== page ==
These Cloud Computing Vendors are Edging Up on AWS

Sure, Amazon Web Services (AWS) is the golden child of cloud computing, but Microsoft Azure isn't too far behind. And according to Gartner’s recently released Magic Quadrant for Cloud Infrastructure-as-a-Service (Iaas), it's starting to nip into AWS’s market.

Gartner contends AWS is beginning to face significant competition on two fronts:  Microsoft is competing in the traditional business market and Google is challenging it in the cloud native market.

Google Ups Its Cloud Game With Stackdriver Buy

Google Cloud Platform May 8 2014.jpgIn the latest twist in the ongoing battle for dominance in the cloud space, Google just announced it has bought Stackdriver, a cloud app monitoring service.

According to a statement from Google, Stackdriver’s technology will be pushed onto the Google Cloud platform. It underlines the company's ambitions to develop as a real challenger to Amazon Web Services (AWS).

Google has provided little information about the deal, but has said it will start working on integrating Stackdriver’s functionality into the Google Cloud as quickly as possible.

Google, Amazon Cut Cloud Prices Again

The battle for cloud supremacy intensified again.  At its Cloud Platform Live event Tuesday, Google slashed the prices for its cloud services lower than Amazon and Microsoft. Amazon responded with similar cuts. No news from Microsoft yet, but one thing is clear.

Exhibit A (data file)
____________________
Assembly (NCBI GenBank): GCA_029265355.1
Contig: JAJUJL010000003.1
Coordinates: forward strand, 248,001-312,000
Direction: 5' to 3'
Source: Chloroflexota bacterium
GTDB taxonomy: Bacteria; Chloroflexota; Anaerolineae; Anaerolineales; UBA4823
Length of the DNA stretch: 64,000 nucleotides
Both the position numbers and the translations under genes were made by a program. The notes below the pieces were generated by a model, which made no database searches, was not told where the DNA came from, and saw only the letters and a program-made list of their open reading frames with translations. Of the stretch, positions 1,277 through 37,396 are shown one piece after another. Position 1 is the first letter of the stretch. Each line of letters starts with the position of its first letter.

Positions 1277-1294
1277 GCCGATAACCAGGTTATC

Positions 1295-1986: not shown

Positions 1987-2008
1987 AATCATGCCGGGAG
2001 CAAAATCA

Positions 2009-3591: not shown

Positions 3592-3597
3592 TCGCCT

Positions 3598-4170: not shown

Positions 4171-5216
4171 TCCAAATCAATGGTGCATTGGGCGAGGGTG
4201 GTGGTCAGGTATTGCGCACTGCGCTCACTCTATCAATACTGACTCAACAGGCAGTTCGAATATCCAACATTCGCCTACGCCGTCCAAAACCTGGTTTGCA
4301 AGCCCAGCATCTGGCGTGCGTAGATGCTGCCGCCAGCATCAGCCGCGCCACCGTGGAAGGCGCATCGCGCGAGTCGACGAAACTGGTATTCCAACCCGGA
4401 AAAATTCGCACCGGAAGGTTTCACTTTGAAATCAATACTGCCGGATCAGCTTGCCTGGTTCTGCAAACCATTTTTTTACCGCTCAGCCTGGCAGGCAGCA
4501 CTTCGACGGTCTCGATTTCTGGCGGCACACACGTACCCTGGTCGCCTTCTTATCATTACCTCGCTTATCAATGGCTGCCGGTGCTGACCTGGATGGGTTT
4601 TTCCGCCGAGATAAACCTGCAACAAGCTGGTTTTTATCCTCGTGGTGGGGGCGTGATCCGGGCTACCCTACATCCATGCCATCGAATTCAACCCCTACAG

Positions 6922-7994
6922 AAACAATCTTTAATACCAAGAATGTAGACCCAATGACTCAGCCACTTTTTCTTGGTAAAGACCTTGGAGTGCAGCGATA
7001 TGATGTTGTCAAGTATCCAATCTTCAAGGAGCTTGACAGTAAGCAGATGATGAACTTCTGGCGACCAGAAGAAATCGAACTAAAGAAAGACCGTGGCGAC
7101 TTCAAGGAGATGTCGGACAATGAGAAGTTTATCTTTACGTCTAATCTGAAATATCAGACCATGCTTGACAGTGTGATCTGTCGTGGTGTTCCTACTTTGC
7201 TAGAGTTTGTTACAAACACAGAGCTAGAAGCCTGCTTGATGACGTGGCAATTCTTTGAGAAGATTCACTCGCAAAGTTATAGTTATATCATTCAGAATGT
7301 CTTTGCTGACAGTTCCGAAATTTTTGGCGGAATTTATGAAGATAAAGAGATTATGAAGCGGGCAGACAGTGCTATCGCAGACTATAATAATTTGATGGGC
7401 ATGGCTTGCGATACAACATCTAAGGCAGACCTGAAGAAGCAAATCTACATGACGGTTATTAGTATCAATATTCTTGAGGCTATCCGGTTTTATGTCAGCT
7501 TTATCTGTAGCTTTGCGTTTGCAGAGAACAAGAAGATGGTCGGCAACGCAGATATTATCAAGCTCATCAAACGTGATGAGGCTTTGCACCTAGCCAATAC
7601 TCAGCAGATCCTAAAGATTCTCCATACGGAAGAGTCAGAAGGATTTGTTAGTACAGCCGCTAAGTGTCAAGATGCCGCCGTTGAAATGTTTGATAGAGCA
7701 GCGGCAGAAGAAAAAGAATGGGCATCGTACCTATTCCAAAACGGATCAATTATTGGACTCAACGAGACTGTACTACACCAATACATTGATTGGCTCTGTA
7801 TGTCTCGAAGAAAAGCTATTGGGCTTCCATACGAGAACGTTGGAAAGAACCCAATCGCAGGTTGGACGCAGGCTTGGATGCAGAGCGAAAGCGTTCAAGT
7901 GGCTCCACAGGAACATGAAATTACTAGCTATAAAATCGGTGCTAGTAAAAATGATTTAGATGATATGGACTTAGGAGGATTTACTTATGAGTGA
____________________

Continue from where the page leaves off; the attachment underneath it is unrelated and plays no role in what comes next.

The big winners are cloud users.

Google Hits Microsoft Again By Slashing Storage Prices

As we noted yesterday, Google upped the game in the ongoing battle for dominance in the productivity suite space by offering new add-ons as well as cash to users who switch to Google Drive. Now Google is slashing the price of storage on Google Drive. 

Our 2 Cents on Forrester Wave for Big Data Hadoop Solutions

Analyst reports can be a big bore -- the Forrester Wave: Big Data Hadoop Solutions, Q1 2014 ($2495 fee) is not.

Its authors, Mike Gualtieri and Noel Yuhanna, have done a bang-up job writing in simple English and giving a spot-on overview of what the market looks like:“cutthroat,” where “pure-play upstarts (Cloudera, Hortonworks, MapR) must capture market share quickly to make venture investors happy” and in which “stalwart enterprise software vendors (IBM, Pivotal, Teradata) must avoid being disintermediated.” 

Altiscale has the RX for Hadoop Headaches

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Hadoop isn’t easy.

Sure, there are vendors out there who will tell you that it is ... Just take this course or that exam. Work with us side-by-side as we “elephantize” your Enterprise, and presto you’re a pro.

No, you’re not.

Not yet, anyway. Regardless of what any of the 268,000 hits you get when you enter the term “Hadoop training” into Google happens to say. And it’s not that these folks are trying to mislead you — they’ve put their heads and their hearts into encouraging and enabling the widespread adoption of Hadoop.

It’s just that becoming a master at Hadoop (Wikipedia definition: open-source software framework for storage and large scale processing of data-sets on clusters of commodity hardware) takes time, experience, trial and error and enough opportunities to generate a continuous record of success. But that’s not all. As a new technology with a vibrant Open Source community, Hadoop keeps changing, so it’s hard to keep up.

Microsoft Ups Hybrid Cloud Stakes to Grab Amazon, Google Market Share

 Microsoft has upped the stakes again in the battle for cloud platform supremacy with the launch of Cloud OS Network. It brings 25 top cloud service providers under the same banner to deliver hosted services on the Microsoft Cloud Platform.